Writing Code for jQuery Foundation Projects

Like many Open Source projects, the majority of jQuery contributors are volunteers; their ability to contribute ebbs and flows with the demands of their professional and personal lives. As a result, jQuery projects are always looking for talented people who are motivated to contribute.

New contributors sometimes make the mistake of starting with a pull request with code that implements some feature they want to be included. In most cases there is a process for features that starts with discussion and design before coding, so the chances are slim that an out-of-the-blue contribution will be accepted. That can leave the contributor feeling that their effort isn't appreciated. We don't want to leave that impression!

By following the steps below, you'll have a better chance at getting your contribution accepted.

Establish the need for a fix or a feature. Each project has its own bug/issue tracker where the team keeps its lists of things that need to be done. If there is already an open issue, post on it volunteering to do the coding. If there isn't an issue, create one. For more information, see How to Report Bugs.

Discuss the ticket with the team. Team members may have advice on the best way to tackle the problem. Once you have agreement on a general plan of attack, have the team member assign the ticket to you. This discussion can happen in the appropriate issue tracker or in IRC.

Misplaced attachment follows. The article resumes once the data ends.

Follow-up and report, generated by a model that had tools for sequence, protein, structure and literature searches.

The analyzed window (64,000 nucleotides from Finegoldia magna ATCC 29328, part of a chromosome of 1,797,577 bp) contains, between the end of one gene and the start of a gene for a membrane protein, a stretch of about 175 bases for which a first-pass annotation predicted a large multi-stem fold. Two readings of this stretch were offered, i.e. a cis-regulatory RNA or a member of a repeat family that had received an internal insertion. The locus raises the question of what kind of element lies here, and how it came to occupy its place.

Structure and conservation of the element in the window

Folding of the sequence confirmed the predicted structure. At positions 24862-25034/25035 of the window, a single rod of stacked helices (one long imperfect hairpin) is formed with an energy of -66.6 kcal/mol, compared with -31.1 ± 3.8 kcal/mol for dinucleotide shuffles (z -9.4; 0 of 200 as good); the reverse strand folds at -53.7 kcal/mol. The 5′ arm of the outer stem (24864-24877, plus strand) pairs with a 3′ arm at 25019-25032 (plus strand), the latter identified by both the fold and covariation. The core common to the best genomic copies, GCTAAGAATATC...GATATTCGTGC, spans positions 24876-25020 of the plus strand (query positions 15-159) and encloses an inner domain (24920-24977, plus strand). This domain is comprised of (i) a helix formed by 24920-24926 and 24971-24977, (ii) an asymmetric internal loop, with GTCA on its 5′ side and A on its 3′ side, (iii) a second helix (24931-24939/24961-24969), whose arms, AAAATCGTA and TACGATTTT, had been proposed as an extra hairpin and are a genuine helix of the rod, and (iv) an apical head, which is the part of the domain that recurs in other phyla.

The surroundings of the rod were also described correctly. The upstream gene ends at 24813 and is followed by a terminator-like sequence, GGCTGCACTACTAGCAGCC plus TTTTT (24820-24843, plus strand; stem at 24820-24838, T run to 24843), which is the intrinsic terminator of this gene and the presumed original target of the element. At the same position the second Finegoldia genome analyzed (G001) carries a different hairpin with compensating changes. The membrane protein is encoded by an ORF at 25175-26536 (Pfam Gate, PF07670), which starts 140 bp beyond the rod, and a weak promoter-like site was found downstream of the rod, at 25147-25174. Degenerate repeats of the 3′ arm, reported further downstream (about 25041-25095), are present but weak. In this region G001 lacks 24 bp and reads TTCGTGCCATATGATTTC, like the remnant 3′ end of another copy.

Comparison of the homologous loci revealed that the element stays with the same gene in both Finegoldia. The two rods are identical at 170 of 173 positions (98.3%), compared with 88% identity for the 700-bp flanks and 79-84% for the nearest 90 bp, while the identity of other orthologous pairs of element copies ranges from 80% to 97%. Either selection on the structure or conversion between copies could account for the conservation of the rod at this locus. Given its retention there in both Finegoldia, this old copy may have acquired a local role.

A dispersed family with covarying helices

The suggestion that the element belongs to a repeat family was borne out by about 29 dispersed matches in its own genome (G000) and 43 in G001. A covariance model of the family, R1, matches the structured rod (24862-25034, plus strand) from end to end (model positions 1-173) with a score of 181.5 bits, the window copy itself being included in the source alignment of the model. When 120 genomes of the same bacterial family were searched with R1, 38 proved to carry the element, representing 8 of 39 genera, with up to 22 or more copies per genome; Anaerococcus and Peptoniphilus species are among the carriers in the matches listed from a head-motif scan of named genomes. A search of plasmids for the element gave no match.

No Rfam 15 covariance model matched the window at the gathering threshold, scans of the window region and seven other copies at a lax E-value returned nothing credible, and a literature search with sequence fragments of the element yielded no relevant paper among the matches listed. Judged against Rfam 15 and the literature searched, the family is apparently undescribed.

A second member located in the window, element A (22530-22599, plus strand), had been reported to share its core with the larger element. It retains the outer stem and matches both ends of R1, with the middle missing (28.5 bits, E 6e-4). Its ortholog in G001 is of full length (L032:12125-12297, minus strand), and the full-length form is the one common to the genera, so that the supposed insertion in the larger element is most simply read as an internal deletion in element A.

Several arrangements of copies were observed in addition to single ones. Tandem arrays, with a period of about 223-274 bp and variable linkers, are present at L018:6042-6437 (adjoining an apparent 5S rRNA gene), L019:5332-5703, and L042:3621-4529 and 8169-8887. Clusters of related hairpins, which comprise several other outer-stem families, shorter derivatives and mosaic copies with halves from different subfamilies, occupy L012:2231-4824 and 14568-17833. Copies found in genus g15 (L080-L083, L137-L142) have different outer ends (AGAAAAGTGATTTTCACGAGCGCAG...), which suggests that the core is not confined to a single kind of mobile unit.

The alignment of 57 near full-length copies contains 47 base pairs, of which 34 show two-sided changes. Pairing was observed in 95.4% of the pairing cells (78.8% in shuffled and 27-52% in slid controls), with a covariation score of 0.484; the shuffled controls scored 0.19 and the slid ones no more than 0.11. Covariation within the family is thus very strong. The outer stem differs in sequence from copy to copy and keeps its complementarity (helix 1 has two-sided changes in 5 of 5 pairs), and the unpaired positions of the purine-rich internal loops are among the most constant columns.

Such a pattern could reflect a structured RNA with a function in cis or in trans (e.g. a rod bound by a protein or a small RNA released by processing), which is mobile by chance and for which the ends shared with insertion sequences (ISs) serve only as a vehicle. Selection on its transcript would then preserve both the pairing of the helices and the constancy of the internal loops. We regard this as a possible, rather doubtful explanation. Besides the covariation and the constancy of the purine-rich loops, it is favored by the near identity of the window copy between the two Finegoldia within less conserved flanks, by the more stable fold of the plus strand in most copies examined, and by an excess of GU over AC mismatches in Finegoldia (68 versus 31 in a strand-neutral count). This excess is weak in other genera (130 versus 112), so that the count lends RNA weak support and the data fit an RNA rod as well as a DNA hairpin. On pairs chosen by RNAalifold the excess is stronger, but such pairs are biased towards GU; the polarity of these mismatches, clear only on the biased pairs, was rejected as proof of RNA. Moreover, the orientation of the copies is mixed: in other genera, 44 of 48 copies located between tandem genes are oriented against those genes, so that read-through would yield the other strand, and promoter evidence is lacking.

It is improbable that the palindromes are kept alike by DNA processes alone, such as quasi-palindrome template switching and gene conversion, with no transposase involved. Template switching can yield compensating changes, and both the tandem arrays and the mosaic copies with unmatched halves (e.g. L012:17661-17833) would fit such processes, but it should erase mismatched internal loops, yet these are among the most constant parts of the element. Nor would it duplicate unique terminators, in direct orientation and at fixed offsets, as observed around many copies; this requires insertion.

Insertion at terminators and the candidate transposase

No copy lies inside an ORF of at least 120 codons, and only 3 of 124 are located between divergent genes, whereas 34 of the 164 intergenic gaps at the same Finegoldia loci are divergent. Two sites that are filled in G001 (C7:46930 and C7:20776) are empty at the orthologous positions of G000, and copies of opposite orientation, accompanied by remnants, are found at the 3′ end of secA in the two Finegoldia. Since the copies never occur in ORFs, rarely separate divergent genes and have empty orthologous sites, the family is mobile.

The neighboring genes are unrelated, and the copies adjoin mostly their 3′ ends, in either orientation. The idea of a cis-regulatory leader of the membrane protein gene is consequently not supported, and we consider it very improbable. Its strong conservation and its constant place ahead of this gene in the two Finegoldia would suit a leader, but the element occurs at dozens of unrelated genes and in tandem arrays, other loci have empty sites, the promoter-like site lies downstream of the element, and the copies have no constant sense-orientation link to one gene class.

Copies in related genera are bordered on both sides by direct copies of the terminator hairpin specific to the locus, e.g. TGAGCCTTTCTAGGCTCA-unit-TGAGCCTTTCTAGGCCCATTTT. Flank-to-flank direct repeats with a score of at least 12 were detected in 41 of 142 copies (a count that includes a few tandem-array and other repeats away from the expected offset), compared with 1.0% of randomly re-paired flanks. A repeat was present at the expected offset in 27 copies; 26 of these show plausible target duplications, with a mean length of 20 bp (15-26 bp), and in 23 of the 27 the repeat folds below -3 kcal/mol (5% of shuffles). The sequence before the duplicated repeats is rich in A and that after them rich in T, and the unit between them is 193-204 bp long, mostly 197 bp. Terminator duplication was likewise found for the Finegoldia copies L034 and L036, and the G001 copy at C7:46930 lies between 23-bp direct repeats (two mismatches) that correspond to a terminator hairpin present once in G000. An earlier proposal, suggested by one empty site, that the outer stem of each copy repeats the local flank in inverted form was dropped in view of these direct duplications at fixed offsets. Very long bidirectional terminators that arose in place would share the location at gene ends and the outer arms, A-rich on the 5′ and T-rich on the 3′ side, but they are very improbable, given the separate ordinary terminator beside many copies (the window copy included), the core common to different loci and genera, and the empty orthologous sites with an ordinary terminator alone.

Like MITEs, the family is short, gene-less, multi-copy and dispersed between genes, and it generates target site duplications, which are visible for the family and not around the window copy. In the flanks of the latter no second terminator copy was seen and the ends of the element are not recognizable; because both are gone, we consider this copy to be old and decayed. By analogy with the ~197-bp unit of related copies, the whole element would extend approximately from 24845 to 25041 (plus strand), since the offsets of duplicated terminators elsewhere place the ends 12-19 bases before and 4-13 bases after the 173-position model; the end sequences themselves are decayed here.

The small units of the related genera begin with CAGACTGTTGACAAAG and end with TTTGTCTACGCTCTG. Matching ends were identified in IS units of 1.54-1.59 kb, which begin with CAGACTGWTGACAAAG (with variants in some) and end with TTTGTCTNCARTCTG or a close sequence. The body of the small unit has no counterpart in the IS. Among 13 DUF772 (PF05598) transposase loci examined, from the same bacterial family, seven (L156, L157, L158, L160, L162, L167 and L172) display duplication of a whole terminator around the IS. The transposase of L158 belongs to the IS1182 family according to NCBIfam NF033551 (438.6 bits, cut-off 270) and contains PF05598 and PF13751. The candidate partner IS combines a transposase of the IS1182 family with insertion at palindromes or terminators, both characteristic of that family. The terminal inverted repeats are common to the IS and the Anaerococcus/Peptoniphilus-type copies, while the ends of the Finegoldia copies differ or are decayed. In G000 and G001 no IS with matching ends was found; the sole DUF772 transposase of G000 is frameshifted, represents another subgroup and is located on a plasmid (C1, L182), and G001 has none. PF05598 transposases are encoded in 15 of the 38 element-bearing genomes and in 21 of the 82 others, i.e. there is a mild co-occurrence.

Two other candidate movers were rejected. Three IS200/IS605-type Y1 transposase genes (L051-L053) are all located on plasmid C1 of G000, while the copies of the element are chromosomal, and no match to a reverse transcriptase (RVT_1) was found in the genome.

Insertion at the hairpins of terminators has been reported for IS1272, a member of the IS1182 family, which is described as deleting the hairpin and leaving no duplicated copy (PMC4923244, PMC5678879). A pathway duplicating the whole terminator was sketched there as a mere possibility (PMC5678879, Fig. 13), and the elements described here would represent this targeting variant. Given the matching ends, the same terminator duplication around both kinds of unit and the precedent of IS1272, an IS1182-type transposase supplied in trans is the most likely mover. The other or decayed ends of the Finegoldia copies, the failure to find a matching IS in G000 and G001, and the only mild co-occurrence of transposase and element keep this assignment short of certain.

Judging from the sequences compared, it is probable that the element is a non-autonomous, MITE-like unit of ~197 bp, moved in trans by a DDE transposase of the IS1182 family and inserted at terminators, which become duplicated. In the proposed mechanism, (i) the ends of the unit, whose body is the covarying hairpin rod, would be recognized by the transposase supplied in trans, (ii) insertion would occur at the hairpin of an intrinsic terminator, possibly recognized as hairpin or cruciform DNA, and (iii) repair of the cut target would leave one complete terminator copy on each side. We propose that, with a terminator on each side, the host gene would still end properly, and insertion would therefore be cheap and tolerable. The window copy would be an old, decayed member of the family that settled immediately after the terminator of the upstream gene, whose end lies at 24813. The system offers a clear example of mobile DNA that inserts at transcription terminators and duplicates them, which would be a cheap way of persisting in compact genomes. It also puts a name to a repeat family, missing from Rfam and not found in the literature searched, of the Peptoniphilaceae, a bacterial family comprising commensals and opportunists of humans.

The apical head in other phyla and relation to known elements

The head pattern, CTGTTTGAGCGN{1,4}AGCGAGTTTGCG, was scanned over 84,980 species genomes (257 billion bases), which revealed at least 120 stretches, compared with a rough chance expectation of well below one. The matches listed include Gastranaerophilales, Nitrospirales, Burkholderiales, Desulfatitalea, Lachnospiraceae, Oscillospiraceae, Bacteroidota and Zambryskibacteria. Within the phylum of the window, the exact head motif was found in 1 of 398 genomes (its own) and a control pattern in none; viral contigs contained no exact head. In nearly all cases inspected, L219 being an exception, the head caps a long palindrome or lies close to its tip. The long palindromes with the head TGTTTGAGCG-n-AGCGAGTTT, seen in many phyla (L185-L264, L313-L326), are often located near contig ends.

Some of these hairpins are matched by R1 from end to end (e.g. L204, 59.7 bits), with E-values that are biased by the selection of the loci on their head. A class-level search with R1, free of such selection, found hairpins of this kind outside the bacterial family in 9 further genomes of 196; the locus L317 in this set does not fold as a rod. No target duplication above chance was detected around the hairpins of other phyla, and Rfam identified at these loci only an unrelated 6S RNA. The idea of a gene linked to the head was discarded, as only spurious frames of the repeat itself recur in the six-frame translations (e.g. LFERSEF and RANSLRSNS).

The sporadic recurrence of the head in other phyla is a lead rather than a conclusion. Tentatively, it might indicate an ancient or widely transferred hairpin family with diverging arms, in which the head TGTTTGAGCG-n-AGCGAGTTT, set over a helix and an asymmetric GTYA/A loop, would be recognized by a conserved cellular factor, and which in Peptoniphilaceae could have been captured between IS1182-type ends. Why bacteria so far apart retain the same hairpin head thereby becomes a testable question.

Follow the style guide. The jQuery style guides describe the style we use for writing all jQuery project code.

Always add unit tests. It's rare that new or changed code doesn't need at least one additional unit test. If the code is fixing a bug, there should be a unit test to ensure the problem doesn't recur and that the code actually fixes the problem! If the code is implementing a new feature, it often requires several unit tests that exercise all the code paths.

Sign the Contributor License Agreement (CLA). All jQuery Foundation contributors must sign the CLA so that the Foundation has a clear legal right to use the code and users of jQuery and projects are clear on the licensing. If you are an employee of a company, you should ensure that the company allows contributions to Open Source projects.

Create a pull request. A lot of people make the mistake of working on their master branch. It's much cleaner to create a separate branch for each different feature. Git is something you can spend your whole life learning, but this tutorial will give you a crash course in the essentials.

Respond to code reviews. Very few pull requests are landed without discussion. Sometimes a team member may ask for an explanation of the code, which may lead to further requests, for example adding comments that explain the code. Or, a review may identify further optimizations that can be done. You can push new commits to the existing branch and they will automatically update the pull request.

Bask in the glory! When your pull request is accepted, point your friends to it and brag. If they're good at code too, tell them to contribute!